Religious believers should be willing to salute the many blessings of pluralism, even if they remain ambivalent about its slippery parent, liberalism. Nick Spencer and Robert Reiss, two liberal British Christians, are as quick to deplore faith-based shackles as any atheist. They would add that a creed not freely embraced will induce stagnation or worse. But Spencer, by far the better-equipped of the two, might add a caveat. Isn’t the contemporary surge in fundamentalism itself in part a reaction against anti-religionists bent on muzzling faith-based voices? A glance at recent history in North Africa or the Middle East or India supports the hunch.
News that we inhabit a post-secular world – thanks precisely to globalization and democratization, most societies now display high levels of religious practice – has also yet to permeate bien-pensant corners of the West. Several random examples bear this out. The printmaker Anthony Green has said in a BBC interview that an interest in religious themes can be the kiss of death to an artist’s career. The quest for transcendence tends to be shunned in contemporary fiction, too. Hailing Marilynne Robinson’s novels Gilead, Home and Lila, the journalist Bryan Appleyard has written that these works will seem odd to large numbers of people, “because what is going on here is religion”. He added that “many, probably most, British people – artists, writers, audiences – will find this exotic because to them, religion has been embarrassed out of existence”. Another sort of cautionary tale is supplied by Iain McGilchrist, psychiatrist and critic. His masterpiece, The Master and His Emissary (reviewed in the TLS, April 2, 2010), uses discussion of left- and right-brained perspectives on the world to question narrow modern models of what counts as genuine knowledge. In essence, McGilchrist argues that tasks associated with “left-brained” activity such as problem-solving are still valued far more than the right brain’s less tractable but equally important grasp of the big picture. The author granted in private that his book was heavily religious in inspiration. But if this were broadcast, he warned, other scholars would not bother to read it.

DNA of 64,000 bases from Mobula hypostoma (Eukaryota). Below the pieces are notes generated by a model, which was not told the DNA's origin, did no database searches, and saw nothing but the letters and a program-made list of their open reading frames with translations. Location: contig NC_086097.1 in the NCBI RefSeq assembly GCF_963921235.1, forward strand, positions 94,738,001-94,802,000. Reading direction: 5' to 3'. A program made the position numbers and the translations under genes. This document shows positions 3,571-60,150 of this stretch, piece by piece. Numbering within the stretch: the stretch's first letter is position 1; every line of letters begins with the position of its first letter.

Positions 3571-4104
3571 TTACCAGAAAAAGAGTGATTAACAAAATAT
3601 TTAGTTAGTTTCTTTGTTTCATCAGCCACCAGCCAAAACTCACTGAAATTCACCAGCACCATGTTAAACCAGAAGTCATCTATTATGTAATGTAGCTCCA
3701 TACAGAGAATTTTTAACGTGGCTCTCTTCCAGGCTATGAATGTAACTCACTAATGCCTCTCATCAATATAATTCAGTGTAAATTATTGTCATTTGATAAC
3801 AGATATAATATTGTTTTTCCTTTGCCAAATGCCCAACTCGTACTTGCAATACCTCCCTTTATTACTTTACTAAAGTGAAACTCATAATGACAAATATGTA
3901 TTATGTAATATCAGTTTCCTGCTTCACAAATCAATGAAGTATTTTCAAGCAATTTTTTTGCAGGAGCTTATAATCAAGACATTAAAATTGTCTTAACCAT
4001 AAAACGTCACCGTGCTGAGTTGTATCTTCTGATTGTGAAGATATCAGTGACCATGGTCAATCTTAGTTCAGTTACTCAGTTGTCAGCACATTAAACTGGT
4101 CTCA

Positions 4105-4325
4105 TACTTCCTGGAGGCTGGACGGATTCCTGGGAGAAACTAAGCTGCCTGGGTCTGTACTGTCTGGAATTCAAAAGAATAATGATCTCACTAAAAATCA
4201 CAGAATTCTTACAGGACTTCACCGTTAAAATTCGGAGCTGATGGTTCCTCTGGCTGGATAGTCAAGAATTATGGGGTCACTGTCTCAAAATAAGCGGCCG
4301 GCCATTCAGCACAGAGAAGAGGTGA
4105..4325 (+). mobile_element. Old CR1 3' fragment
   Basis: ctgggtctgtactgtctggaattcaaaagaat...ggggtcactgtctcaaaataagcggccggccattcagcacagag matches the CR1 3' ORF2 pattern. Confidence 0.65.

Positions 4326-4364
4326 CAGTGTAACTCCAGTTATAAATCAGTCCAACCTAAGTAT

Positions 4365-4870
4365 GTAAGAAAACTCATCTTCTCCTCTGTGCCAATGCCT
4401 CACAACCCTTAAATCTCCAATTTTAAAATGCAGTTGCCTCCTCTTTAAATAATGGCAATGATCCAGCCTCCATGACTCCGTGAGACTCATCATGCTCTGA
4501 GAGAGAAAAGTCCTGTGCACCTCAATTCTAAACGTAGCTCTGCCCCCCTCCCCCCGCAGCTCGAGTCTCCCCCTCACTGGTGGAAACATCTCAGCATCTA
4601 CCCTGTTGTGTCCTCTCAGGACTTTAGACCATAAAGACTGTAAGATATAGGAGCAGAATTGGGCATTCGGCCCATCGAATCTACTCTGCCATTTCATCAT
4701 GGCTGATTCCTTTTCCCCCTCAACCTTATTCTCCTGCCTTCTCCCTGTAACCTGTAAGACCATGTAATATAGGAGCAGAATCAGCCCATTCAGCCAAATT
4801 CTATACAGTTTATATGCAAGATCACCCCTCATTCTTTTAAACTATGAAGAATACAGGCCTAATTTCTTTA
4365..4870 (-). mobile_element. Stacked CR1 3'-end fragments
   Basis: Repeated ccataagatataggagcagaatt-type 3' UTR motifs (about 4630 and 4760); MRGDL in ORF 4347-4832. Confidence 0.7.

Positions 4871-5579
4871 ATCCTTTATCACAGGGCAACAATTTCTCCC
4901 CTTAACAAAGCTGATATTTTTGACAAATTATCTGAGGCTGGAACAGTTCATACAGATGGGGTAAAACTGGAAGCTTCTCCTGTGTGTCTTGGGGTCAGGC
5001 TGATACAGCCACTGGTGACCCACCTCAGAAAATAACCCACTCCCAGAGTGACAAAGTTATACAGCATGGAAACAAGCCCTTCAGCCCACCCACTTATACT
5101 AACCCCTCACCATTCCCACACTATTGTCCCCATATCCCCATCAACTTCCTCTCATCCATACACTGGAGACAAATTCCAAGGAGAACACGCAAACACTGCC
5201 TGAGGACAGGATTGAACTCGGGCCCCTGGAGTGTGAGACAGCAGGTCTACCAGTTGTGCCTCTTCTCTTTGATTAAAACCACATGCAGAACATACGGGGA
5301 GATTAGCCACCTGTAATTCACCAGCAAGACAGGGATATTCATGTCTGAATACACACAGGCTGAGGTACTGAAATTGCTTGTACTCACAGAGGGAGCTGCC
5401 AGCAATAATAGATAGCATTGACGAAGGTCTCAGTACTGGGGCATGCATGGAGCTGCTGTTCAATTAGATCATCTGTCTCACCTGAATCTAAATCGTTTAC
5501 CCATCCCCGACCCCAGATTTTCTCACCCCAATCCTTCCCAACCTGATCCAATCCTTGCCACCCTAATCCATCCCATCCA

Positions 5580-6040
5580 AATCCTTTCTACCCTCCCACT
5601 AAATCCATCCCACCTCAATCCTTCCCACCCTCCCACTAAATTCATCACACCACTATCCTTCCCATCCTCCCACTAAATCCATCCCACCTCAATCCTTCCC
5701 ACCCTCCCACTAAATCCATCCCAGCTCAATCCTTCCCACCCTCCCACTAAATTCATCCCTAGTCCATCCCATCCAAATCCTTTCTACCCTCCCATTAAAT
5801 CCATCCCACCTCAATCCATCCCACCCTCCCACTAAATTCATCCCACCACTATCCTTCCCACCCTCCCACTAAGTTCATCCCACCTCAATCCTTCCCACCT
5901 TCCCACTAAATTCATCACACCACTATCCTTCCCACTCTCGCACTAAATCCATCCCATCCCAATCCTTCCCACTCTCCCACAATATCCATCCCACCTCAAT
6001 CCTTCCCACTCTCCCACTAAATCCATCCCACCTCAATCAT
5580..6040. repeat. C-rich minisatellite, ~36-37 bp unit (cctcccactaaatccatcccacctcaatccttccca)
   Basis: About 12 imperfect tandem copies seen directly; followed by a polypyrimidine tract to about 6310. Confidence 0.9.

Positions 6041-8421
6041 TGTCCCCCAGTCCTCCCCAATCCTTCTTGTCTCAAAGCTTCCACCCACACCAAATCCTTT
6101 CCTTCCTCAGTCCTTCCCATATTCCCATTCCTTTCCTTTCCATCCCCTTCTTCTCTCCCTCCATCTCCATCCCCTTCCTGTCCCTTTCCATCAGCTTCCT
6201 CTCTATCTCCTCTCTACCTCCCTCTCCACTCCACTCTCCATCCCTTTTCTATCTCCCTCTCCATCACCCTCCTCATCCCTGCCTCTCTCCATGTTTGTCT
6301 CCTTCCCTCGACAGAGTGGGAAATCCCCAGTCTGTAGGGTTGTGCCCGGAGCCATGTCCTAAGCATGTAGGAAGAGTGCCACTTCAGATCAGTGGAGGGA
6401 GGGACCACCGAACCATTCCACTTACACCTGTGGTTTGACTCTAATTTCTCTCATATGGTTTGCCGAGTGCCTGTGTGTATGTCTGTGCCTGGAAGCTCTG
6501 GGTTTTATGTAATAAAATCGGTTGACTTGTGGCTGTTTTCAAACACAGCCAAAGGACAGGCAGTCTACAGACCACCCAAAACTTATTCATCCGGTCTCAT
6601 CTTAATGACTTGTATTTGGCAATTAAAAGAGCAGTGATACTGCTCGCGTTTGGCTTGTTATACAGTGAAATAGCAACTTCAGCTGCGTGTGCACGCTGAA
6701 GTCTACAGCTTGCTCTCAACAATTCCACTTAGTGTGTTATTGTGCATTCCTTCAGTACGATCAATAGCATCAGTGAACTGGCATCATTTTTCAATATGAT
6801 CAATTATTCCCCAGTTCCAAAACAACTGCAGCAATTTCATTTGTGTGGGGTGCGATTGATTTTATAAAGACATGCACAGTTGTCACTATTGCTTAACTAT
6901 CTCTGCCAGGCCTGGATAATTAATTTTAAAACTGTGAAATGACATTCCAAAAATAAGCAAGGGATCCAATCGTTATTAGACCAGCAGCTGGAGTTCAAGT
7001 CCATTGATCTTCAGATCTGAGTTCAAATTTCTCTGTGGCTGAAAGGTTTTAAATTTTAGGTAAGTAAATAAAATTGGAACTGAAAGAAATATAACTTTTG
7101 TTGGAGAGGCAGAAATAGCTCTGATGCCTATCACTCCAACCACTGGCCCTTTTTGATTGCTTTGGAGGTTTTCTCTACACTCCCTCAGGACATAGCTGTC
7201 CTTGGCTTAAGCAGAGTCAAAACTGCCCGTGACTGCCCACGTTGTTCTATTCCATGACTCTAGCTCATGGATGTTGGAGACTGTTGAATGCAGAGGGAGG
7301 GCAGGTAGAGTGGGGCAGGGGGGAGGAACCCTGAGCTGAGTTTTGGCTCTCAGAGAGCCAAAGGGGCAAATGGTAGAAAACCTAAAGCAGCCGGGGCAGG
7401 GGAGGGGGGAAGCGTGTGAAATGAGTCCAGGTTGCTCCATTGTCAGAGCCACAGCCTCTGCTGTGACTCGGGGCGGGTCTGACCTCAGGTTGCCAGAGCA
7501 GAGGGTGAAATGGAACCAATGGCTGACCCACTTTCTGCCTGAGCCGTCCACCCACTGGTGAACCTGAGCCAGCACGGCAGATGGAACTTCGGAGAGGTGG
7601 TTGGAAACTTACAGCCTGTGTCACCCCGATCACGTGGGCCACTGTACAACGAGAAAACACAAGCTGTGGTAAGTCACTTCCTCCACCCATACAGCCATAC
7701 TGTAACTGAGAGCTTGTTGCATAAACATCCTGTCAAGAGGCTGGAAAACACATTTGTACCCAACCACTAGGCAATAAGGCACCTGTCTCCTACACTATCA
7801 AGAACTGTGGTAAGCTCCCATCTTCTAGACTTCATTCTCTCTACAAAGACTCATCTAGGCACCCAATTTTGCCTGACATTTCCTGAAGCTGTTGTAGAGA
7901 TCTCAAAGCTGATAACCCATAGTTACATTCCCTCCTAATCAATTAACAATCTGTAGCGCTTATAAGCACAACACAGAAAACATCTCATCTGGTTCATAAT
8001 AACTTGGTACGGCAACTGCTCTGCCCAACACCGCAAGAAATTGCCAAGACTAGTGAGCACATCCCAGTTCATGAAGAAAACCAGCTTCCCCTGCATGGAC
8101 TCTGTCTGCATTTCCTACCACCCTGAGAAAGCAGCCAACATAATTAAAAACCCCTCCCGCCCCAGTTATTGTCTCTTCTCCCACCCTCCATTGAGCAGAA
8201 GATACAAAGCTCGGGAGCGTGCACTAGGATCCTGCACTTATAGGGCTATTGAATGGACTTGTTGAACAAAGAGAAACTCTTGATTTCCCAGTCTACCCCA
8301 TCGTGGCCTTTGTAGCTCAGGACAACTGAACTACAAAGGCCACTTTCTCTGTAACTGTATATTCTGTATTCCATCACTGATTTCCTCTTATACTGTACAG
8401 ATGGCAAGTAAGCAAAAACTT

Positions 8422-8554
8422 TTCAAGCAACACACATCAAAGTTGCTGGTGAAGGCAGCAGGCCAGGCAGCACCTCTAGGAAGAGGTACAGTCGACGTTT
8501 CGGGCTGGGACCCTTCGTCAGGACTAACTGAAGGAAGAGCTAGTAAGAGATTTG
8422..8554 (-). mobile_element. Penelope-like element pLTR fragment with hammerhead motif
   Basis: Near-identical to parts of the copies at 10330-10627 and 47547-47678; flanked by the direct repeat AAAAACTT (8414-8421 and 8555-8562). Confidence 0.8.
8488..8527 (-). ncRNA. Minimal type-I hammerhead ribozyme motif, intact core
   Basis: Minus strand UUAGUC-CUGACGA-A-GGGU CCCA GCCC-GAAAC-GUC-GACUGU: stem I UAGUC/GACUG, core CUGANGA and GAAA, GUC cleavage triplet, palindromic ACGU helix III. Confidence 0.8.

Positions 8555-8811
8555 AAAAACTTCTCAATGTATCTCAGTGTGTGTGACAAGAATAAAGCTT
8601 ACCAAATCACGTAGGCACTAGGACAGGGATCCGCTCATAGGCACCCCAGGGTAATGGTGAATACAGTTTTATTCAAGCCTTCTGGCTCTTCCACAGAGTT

Two questions arising from this sketch are critical, both of them focused by Joe Moran’s recent Guardian tribute to Clive James for his reflections on “the whole pointlessly beautiful farrago of human meaning-making”. First, is secularism really robust enough to carry the freight once shouldered by the Church in Europe? Ask politicians or NGOs about the functional aspect of human rights, say, and you’re likely to get an assured answer. Ask about the source of those rights, or about deeper questions of truth and purpose, and the replies are coy. Second and more significantly, is Moran’s apparent assumption that we are simply dancing a minuet around the void actually true? Armchair philosophers – many of them far less acute than James or Moran – regularly announce that the centre cannot hold. As Terry Eagleton among others has emphasized, such people can purchase their unbelief on the cheap, usually by setting up a straw man version of religion no thoughtful believer could accept, before felling it with a single puff. To counter that things do not fall apart may take courage, or insight of another sort – or maybe just the innocence of a child.